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Re: Can I have a real main() ?

At 10.24 01/07/01 -0600, Bruce Wampler wrote:
I don't know the solution to this at the moment, but I understand just
what the problem is.

I don't know why the library needs a main. That info is probably buried
in the documentation for that library. You might have to rebuild the library.
But, here is what the problem is:
When Windows starts an app that uses the Windows API, it must
have a routine called WinMain to start things going. This is the entry point.
But any C or C++ code will be built with a runtime library. There are
different versions of the runtime library. Those that don't use the Windows
API will be built to start in main() rather than WinMain(). It depends on
which runtime library you use. This is a function of the cygwin envrionment
it looks like you are using. So, somehow or another, the f2c library wants
main(), but not WinMain, but V and Windows wants WinMain().
I'm sure you aren't the first to encounter the problem, but you are the
first I know about to use V with F2c and encounter the problem.

According to the documentation of the F2c library, a main() is needed because "Fortran main programs result in a C function named MAIN__ that is meant to be invoked by the main() in libf77."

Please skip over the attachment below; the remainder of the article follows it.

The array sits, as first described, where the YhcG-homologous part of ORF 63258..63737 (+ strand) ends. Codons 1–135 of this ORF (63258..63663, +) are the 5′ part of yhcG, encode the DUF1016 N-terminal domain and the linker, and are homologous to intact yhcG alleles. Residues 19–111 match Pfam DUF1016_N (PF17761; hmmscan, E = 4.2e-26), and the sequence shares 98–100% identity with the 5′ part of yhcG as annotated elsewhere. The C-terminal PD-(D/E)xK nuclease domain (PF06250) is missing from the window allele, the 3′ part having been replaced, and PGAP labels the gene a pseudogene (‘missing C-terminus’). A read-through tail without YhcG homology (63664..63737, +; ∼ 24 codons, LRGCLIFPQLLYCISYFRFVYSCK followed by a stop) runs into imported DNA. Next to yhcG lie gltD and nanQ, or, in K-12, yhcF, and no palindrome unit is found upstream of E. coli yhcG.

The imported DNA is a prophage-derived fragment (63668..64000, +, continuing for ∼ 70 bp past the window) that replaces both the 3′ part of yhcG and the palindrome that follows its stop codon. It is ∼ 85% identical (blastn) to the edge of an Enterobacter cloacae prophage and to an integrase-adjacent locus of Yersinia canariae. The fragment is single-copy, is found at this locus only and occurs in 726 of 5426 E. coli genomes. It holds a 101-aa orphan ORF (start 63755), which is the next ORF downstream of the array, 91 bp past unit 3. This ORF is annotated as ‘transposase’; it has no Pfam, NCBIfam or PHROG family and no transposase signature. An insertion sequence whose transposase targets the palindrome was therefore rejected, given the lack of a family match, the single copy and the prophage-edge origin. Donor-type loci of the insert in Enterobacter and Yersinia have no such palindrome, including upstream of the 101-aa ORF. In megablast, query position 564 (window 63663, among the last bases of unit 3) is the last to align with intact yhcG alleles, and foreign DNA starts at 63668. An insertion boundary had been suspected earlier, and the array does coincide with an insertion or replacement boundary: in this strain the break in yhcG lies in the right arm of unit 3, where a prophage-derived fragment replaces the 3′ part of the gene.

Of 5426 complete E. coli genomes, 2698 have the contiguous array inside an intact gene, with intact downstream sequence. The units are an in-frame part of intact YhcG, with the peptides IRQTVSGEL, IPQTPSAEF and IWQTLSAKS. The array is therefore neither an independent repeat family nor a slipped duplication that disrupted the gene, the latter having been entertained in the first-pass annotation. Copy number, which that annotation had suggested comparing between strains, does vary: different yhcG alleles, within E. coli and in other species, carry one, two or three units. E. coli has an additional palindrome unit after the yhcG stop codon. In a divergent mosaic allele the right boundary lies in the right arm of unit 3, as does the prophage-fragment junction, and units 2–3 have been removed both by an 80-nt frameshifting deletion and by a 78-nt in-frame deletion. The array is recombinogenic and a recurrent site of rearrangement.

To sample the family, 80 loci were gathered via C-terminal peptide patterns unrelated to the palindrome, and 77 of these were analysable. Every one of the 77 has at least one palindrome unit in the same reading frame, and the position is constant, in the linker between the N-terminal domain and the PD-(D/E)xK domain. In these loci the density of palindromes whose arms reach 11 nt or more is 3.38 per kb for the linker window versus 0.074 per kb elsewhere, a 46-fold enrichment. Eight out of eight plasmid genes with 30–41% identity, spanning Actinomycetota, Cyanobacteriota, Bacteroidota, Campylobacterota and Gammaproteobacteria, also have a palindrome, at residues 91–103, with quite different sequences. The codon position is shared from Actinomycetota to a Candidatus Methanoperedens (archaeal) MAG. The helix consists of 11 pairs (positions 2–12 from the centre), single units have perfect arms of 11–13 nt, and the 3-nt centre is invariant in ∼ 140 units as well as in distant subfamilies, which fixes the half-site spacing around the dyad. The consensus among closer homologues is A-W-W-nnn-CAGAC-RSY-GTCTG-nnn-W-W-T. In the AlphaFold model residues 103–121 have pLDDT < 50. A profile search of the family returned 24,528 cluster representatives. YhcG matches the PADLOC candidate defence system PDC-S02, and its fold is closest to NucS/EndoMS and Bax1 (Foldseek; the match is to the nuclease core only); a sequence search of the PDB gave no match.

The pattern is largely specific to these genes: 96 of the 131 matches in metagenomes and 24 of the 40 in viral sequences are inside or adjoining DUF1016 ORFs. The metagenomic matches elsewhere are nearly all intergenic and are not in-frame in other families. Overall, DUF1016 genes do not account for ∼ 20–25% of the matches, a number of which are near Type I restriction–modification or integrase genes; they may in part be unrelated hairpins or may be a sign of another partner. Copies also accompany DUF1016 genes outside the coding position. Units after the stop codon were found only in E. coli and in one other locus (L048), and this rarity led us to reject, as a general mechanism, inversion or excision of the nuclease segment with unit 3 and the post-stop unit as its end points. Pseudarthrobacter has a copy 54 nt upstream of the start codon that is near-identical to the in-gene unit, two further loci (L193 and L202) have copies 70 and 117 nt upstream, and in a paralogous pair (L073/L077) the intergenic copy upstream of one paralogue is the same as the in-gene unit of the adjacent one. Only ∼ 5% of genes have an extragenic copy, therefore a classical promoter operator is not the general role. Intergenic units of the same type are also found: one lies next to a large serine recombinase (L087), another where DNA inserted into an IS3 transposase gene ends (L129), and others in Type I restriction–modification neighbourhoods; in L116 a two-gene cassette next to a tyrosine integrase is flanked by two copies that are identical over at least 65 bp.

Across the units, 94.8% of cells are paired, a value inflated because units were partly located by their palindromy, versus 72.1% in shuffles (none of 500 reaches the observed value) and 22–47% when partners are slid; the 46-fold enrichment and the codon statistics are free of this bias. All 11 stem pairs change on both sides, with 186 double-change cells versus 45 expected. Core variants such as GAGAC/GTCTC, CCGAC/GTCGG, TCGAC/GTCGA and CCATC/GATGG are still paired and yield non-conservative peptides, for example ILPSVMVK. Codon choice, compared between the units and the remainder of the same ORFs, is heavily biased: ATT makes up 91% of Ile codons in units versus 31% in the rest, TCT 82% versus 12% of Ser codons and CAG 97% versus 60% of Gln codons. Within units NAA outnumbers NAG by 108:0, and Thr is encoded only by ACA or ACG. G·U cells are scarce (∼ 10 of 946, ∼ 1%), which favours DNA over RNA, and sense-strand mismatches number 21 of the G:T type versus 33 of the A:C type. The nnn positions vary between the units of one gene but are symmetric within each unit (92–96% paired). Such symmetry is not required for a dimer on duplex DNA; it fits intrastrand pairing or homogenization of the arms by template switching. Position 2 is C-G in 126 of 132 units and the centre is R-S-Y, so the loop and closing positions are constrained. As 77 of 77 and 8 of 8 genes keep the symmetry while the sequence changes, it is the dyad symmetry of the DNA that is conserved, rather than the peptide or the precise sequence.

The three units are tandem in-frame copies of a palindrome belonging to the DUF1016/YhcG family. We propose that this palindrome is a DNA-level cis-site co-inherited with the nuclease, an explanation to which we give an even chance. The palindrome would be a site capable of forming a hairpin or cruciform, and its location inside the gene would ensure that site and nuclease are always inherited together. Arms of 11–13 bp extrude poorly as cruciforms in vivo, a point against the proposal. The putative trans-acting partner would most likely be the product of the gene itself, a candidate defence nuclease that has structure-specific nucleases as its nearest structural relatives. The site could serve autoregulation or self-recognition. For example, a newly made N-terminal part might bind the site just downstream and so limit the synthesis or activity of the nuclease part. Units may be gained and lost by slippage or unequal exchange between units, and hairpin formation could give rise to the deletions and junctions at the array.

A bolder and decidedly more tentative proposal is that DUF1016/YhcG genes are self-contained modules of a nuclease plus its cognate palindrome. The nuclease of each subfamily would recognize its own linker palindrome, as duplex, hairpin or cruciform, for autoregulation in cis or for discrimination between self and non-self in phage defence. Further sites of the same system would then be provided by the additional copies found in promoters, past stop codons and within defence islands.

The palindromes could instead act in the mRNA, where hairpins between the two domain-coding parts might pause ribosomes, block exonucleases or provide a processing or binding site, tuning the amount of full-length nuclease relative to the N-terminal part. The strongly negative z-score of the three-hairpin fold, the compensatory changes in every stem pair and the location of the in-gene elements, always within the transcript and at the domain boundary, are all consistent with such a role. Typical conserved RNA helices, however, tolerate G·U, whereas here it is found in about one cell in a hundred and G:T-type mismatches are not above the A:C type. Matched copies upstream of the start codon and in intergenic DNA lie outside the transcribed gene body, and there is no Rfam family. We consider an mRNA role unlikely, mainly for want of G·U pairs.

However, f2c is not used anymore to convert whole Fortran77 programs, but to maintain compatibility with old automatically translated routines, so this feature is now quite useless. I watched the source of F2c, and I found out that "MAIN__" appears only in a file called "main.c"; and who needs a main.c? So I tried this:
 cp libF2c.a libVF2c.a
 ar -d libVF2c.a main.o
and I linked it instead of F2c. It works!

I am quite confident that this is a good solution, because the libraries that still require F2c are usually mathematical ones (like eigenlib, syslin, and many others), and they are not likely to need the stuff in main.c (mostly i/o routines, if I understand correctly.)

Even if, as you pointed out, this is not strictly a V issue, I think that the documentation should mention it. The use of translated Fortran routines is still very common in scientific calculation programs (they are reliable, fast and free, you can't ask any better), and it would be a pity for V users to be forced to abandon their well known libraries, because of a silly linking problem.

Thank you again for your help, and for your wonderful work with V.

Ciao, Marvin

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